R. Rose - Eye of the Needle
February 28, 2020

Boosting small business and keeping carnival traditions alive

Congratulations to the Interactive Media Ltd., Publishers of this newspaper, for its wonderful effort in promoting and encouraging the efforts of our entrepreneurs, small and medium enterprises, farmers and artisans through the third staging of its Best of SVG (People’s Choice) Awards on Sunday, Feb. 16th.In particular, no praise is too much for the hardworking and creative efforts of the management and staff of SEARCHLIGHT and all those who made the event such an outstanding success.

That success was best manifested in the wide participation of the public in the online voting process as well as the attendance and enthusiasm shown by the prize winners, the other nominees and the public at the event itself. Contributing largely were the guest artistes and the skilful managing of the evening’s proceedings by co-hosts Candice Sealey and Dexter Rose.

The growing popularity of this innovative initiative is clearly having an impact on our entrepreneurs, small and medium businesses and young persons in these categories. It is helping to foster a striving for excellence which is so necessary in today’s competitive world. Having established this process, efforts must now be made to deepen and widen it. It would be more than useful, even essential I would say, to forge some sort of partnership with relevant agencies such as Invest SVG and the Chamber of Commerce, to develop the initiative further.


For those countries around the globe which still celebrate a pre-Lenten Carnival, the festivities are now over and it is back to the normal daily grind. That includes Trinidad and Tobago, still the premier Carnival in the Caribbean and a global attraction.

It was pleasing to note the initiative of the local Carnival Development Corporation (CDC) to utilize the opportunity to promote our own Vincy Mas there by sending a delegation to do first-hand promotion. It was also reassuring to note the comments by CDC Chairman Ricardo Adams that Carnival is not just all about bare-breasting and drunkenness and that masqueraders can be appropriately attired and have fun just the same.

Incentives can be offered to encourage other types of portrayals. Indeed the CDC itself must take blame for virtually pushing the traditional mas out of our Festival. It began in the ’60s when bit by bit the traditional “Ole Mas’ was sidelined on Carnival Monday in favour of T-shirt bands when both could have been accommodated.

It proved to be a slippery slope along which slid in later years the small bands with their traditional mas – war mas (the late Owen Ralph complained about this), cowboys and Indians, the African mas, “Wild Indians” Maypole dancers and so on. Everything became lumped together, killing off the roots of our mas.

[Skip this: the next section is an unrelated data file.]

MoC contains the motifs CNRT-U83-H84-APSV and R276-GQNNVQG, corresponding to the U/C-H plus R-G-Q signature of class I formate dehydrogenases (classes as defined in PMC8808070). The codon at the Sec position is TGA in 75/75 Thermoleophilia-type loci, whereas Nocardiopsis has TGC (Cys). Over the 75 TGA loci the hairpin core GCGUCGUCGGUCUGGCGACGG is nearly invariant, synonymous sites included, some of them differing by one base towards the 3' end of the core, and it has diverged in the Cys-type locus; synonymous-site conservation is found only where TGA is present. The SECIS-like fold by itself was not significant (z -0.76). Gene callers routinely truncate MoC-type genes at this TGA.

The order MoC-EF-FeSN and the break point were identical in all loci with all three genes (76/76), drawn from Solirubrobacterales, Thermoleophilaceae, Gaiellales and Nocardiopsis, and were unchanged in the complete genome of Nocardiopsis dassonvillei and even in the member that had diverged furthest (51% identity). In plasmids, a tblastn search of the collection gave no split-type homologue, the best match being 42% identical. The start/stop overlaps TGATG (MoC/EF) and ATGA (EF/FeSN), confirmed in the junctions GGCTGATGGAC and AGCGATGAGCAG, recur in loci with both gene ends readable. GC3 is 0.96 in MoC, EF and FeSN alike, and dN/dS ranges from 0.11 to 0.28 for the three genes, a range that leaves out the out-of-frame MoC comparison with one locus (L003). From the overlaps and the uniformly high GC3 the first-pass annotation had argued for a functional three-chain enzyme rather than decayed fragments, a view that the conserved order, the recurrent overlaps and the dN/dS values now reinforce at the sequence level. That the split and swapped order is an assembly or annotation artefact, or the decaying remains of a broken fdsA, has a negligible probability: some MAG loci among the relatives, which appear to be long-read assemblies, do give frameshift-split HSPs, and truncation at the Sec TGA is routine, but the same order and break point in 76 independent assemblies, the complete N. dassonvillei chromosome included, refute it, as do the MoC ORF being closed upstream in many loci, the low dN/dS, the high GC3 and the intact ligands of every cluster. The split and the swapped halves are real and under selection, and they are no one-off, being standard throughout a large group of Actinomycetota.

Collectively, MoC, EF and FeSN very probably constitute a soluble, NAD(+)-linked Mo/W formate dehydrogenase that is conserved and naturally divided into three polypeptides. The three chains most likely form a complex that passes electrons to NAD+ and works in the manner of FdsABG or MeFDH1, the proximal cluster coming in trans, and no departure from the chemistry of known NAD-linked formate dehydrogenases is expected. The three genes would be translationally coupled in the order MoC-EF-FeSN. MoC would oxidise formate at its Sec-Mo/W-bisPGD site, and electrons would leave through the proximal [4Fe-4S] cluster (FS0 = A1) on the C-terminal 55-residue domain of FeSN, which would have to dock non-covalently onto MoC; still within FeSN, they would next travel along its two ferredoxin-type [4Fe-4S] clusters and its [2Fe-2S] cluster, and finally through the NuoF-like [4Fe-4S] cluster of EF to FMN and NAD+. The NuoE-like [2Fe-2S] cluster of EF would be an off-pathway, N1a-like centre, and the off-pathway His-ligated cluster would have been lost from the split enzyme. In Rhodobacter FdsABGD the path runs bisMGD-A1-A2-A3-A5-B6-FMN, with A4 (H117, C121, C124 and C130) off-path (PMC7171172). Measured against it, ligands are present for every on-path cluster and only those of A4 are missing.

By contrast Trinidad and Tobago still has a healthy traditional mas sector, the full works. It is especially important to keep alive the roots of our Carnival celebrations, celebrating our African and indigenous ancestry. What can the CDC do to facilitate the revival? Can it help in reviving the Carnival Tuesday morning activities at Victoria Park? The least we can do is to give it some serious thought.

Whilst on the theme of Trinidad Carnival, there were many positives emerging this year. Foremost among these was the dominance of female calypsonians in the Calypso Monarch competition. Five of the 12 finalists were female and the first three in the competition were all women. Terri Lyons, daughter of soca master Superblue, became the fifth female Calypso Monarch . She led a clean sweep of the top three places by the female bards, with Karene Asche and Heather McIntosh following in that order. It was the first time that women took all three top spots.

What was also interesting and most encouraging was the range of topics, the quality of the delivery and the depth of the social commentary. Terri Lyons did a creative reverse invocation of Sparrow’s Congo Man theme, “Ah never eat a white meat yet”, to comment on the action of Britain’s Prince Harry to place his black bride before royal privilege, in a classical rendition entitled “Meghan My Dear”. Other outstanding renditions came from veteran calypso bard Chalkdust who reminded Trinis that calypso does not belong to them alone, with his “Migrants in Calypso” tracing the contributions of Caribbean greats, including our own Jaguar, Duke, Prowler, Fire Empress and his own Vincy roots; while Heather McIntosh commented on the controversy over the staging of a fashion show, bikini and all, in the Anglican church last November.

Finally, what can we learn from the discussion about how to get back pan on the road during Carnival. Having been “outboomed” by the glaring DJ sounds, pan has been confined to Panorama. But in T&T a successful attempt was made on Carnival Monday night to stage a pan jam in St James, allowing pan fans to be able to enjoy pan on the road and giving small steelbands the opportunity to play for crowds on the road. Can we give some thought to a similar idea (at the old E.T. Joshua airport compound?) as well as a Jouvert Bomb competition? What about it CDC?

Renwick Rose is a community activist and social commentator.